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The Odyssey

Page: 175

Then Telemachus spoke. "Great heavens!" he exclaimed, "Jove must have robbed me of my senses. Here is my dear and excellent mother saying she will quit this house and marry again, yet I am laughing and enjoying myself as though there were nothing happening. But, suitors, as the contest has been agreed upon, let it go forward. It is for a woman whose peer is not to be found in Pylos, Argos, or Mycene, nor yet in Ithaca nor on the mainland. You know this as well as I do; what need have I to speak in praise of my mother? Come on, then, make no excuses for delay, but let us see whether you can string the bow or no. I too will make trial of it, for if I can string it and shoot through the iron, I shall not suffer my mother to quit this house with a stranger, not if I can win the prizes which my father won before me."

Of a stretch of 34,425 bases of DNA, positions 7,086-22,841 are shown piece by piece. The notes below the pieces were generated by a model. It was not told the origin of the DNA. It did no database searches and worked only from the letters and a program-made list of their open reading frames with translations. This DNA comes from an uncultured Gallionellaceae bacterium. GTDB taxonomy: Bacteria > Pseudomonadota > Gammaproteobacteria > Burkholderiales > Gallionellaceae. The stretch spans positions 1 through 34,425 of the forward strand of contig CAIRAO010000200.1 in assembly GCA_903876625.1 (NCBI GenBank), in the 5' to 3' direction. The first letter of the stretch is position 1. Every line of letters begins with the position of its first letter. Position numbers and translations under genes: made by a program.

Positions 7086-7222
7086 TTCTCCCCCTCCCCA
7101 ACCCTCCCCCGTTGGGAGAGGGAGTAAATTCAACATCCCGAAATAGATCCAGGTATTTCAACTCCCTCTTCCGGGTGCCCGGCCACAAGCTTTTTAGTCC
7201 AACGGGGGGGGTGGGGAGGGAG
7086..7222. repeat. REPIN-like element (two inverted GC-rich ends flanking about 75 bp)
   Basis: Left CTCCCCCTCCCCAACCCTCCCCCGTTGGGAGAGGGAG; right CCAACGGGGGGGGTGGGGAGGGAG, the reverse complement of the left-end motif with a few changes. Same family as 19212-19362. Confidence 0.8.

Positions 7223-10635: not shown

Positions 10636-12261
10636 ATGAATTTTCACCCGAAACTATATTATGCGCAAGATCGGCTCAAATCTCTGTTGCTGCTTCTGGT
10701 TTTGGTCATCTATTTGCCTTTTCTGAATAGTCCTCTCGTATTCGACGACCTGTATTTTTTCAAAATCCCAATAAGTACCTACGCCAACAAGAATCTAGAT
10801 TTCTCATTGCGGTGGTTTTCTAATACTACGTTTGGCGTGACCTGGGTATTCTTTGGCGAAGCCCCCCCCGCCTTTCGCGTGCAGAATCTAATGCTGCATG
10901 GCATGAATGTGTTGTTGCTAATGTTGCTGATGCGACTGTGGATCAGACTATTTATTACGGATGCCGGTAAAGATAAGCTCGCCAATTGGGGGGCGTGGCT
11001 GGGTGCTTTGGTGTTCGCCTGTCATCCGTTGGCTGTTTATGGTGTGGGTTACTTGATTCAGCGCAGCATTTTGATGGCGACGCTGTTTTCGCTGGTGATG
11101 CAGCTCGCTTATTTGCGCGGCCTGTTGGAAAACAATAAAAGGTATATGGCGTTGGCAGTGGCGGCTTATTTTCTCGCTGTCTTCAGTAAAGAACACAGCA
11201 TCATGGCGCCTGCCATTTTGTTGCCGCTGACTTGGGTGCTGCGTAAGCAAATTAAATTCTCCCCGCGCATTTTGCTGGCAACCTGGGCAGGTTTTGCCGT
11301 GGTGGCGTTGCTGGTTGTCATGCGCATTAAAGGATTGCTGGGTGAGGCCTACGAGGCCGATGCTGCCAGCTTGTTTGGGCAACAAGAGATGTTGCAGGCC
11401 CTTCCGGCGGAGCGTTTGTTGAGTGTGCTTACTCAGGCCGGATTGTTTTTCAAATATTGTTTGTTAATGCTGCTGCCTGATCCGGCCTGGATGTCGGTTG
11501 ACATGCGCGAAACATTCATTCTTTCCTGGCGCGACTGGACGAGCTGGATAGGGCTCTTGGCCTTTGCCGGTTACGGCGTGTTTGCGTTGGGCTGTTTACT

As he spoke he sprang from his seat, threw his crimson cloak from him, and took his sword from his shoulder. First he set the axes in a row, in a long groove which he had dug for them, and had made straight by line. 162 Then he stamped the earth tight round them, and everyone was surprised when they saw him set them up so orderly, though he had never seen anything of the kind before. This done, he went on to the pavement to make trial of the bow; thrice did he tug at it, trying with all his might to draw the string, and thrice he had to leave off, though he had hoped to string the bow and shoot through the iron. He was trying for the fourth time, and would have strung it had not Ulysses made a sign to check him in spite of all his eagerness. So he said:

"Alas! I shall either be always feeble and of no prowess, or I am too young, and have not yet reached my full strength so as to be able to hold my own if any one attacks me. You others, therefore, who are stronger than I, make trial of the bow and get this contest settled."


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